It’s always irked me slightly that many online maps of London show the various tube services as straight lines between stations, or as idealised Bezier curves. Perhaps the regimented lines and angles of the official “Beck-style” tube diagram has meant that, when translating into a “real life” geographical map, people have tended to keep the simplifications. After all, if you are travelling around London on the tube or railways, only the location of the stations are important – not how you travel between them.
Focusing on the section of the DLR just south of Canary Wharf:
Google Public Transit view, using Bezier curves between stations:
A typical “straight lines between stations” map – from CASA’s own MapTube:
One of DLR’s own official diagrammatic maps:
Where the line actually goes:
OpenStreetMap contributors have faithfully mapped most of London’s railways, including best-guess alignments for tube tunnels, using ventilation shafts on the service and “feeling” corners and curves that tube trains take – bearing in mind that GPS does generally not work underground. There are a couple of minor mistakes, such as orientations of the Northern Line curves near Mornington Crescent, and a part of the Piccadilly Line in north London.
I’ve taken this now excellent dataset, and as part of work to produce a comprehensive vector file of Transport for London (TfL) service routes, I’ve produced this interim map – the Ironways of London. TfL’s public service routes are highlighted in green. Lines in red are other train operator routes, sidings and depots, freight rail routes, disused lines, unusual chords and the odd ornamental railway. Many of these are obscured by the green lines of TfL routes, where the two coincide. There are a few missing sections, e.g. a couple of tunnels to the south of London are not shown.
The map here uses Google aerial imagery as a background, Ordnance Survey Open Data to show the boundary of Greater London, and OpenStreetMap to show the rail routes themselves. As such, it’s a nice mashup of the three major sources of free-at-point-of-use spatial datasets for London.
Here is the full size version.
There are a few other examples around on the net of the same thing – here’s an ESRI one. The Carto Metro one is excellent and is a level of detail beyond what I am aiming for.
In the new year I hope to complete and release the tidied vector data. [Update: Data released, more info.]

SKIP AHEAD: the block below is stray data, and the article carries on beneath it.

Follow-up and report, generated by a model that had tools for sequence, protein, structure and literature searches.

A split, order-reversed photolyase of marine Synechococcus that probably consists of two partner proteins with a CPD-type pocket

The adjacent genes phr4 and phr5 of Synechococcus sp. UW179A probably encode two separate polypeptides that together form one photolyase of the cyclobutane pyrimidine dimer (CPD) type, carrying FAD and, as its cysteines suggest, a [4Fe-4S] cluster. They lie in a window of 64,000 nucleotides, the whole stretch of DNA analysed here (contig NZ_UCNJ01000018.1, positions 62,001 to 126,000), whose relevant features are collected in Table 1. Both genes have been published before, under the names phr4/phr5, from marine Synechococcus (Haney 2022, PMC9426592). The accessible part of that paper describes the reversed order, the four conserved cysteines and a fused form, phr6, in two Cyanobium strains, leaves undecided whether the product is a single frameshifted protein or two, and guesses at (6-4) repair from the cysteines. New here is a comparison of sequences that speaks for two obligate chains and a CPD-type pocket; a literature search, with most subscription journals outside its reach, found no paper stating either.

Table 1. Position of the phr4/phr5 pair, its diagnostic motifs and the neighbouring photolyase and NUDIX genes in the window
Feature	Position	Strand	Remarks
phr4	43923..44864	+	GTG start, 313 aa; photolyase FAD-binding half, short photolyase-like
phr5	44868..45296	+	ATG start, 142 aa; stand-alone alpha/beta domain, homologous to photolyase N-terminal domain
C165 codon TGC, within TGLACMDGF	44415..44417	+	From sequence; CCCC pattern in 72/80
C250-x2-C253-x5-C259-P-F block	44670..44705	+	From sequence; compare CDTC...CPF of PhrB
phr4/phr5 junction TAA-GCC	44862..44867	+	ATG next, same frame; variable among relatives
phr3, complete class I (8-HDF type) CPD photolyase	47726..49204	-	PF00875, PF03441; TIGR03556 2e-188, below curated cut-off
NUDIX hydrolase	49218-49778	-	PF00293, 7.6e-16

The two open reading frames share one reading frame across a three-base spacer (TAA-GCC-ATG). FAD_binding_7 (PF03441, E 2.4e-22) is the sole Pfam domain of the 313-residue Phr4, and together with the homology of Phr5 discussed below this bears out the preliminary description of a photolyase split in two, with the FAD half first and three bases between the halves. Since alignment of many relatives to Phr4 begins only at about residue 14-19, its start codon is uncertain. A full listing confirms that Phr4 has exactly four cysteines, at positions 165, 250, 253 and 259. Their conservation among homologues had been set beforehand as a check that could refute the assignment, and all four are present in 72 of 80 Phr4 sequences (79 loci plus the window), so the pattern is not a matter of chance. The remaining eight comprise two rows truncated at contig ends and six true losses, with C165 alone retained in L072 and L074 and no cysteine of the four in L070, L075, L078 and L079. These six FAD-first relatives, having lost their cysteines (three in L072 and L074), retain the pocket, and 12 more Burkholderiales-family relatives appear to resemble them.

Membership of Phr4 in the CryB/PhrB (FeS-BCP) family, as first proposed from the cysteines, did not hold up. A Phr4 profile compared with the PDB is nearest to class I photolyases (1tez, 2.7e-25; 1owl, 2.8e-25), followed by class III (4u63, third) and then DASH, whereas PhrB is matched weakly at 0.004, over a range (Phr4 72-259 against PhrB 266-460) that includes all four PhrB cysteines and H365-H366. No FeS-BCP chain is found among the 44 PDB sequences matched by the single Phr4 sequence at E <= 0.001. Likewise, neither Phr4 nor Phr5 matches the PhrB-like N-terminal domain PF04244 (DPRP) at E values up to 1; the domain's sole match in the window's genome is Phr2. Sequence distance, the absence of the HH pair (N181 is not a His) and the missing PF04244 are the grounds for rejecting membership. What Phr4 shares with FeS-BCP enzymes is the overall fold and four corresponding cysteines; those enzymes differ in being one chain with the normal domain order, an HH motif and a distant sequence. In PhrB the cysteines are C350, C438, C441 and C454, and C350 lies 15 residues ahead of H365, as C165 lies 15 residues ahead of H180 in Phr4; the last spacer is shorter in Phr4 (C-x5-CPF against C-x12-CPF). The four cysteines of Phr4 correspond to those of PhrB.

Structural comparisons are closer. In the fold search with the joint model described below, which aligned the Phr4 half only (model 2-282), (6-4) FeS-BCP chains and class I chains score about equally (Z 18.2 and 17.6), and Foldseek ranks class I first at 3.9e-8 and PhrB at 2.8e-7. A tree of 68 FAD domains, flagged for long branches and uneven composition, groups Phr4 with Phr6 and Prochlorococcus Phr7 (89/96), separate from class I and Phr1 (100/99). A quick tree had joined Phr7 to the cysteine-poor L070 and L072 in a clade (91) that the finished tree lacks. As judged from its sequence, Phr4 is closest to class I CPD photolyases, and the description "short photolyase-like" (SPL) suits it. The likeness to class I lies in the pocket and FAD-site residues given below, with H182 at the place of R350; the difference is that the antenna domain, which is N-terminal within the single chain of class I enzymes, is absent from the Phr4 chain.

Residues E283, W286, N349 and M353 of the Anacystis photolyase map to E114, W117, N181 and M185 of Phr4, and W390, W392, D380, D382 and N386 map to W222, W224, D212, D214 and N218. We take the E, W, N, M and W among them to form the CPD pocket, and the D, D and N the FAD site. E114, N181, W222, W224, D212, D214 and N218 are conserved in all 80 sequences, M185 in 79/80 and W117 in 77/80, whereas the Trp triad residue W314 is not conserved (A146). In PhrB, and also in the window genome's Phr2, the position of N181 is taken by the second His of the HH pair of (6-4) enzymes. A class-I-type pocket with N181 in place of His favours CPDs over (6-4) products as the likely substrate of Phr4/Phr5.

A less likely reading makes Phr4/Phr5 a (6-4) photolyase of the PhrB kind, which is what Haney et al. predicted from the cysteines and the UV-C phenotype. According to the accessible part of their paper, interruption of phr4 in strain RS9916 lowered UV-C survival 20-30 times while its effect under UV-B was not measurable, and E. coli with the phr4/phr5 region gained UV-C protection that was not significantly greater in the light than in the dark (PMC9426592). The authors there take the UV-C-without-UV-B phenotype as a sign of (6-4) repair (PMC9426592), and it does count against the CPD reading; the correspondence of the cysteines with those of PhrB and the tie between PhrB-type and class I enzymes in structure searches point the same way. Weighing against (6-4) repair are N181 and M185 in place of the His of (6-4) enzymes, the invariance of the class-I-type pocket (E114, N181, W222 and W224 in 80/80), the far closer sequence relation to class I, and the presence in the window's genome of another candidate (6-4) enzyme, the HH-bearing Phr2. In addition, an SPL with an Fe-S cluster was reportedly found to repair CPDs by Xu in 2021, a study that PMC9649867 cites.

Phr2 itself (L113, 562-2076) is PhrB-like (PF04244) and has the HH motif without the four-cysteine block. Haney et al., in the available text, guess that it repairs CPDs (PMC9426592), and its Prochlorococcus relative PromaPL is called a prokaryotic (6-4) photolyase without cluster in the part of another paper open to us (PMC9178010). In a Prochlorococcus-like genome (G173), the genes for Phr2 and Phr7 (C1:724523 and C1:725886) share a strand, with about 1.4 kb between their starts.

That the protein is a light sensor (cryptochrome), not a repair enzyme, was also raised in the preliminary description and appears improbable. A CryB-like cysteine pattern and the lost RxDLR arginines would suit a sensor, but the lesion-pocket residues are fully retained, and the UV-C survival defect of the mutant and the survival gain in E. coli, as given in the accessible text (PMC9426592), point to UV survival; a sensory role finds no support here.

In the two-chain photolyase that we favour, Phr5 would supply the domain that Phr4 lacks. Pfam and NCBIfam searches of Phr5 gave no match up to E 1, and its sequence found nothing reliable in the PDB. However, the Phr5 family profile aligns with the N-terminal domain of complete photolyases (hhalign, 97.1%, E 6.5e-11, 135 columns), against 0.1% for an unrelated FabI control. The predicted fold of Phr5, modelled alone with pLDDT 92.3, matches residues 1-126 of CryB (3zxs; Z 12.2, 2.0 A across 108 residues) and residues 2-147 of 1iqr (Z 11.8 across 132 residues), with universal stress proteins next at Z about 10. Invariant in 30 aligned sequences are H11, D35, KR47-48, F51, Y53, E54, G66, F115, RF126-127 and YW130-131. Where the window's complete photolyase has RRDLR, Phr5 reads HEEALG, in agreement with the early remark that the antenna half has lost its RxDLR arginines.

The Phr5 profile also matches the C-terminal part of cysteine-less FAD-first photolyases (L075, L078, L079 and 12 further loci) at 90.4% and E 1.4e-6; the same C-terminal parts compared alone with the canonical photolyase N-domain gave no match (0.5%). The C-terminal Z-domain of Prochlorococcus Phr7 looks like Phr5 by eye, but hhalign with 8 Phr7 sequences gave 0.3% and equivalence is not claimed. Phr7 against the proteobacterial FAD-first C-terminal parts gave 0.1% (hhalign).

5 replies on “Ironways of London”
Hello Oliver: re: “a couple of minor mistakes, such as orientations of the Northern Line curves near Mornington Crescent, and a part of the Piccadilly Line in north London” I would really like to get these fixed in OpenStreetMap. There’s a list of known errata back from around the time I was in contact with Richard Milton at CASA last year about the MapTube work. Would you be able to help improve the OSM dataset by listing any issues with the OSM Tube data that you’ve spotted?
Most of the notes there are at for a much more detailed dataset/map than I need. The only two errors (compared with a “master”, non-open dataset from TfL) that I noticed when tracing the whole dataset into a simple fileset – see https://gist.github.com/oobrien/8525859 – is the western branch of the Northern line near Mornington Crescent – it actually goes along Hampstead Road. The other discrepancy was the Piccadilly Line between (I think) Bounds Green and Palmers Grove, where it follows the main road more closely than the OSM line suggests. All other errors were not large enough for my version of the map to be significantly affected.
Seems that the main problem with the google transit version is just that it accidentally misses out South Quay – if it didn’t then the Bezier curves would be a much better approximation!
What’s the grey line on the Google public transit view that follows the real north-south route accurately?
Yes (well above ground anyway) – but it’s grey, so not very useful for someone wanting to know what line it is. The dataset I’m building has the line names and colours coded into it.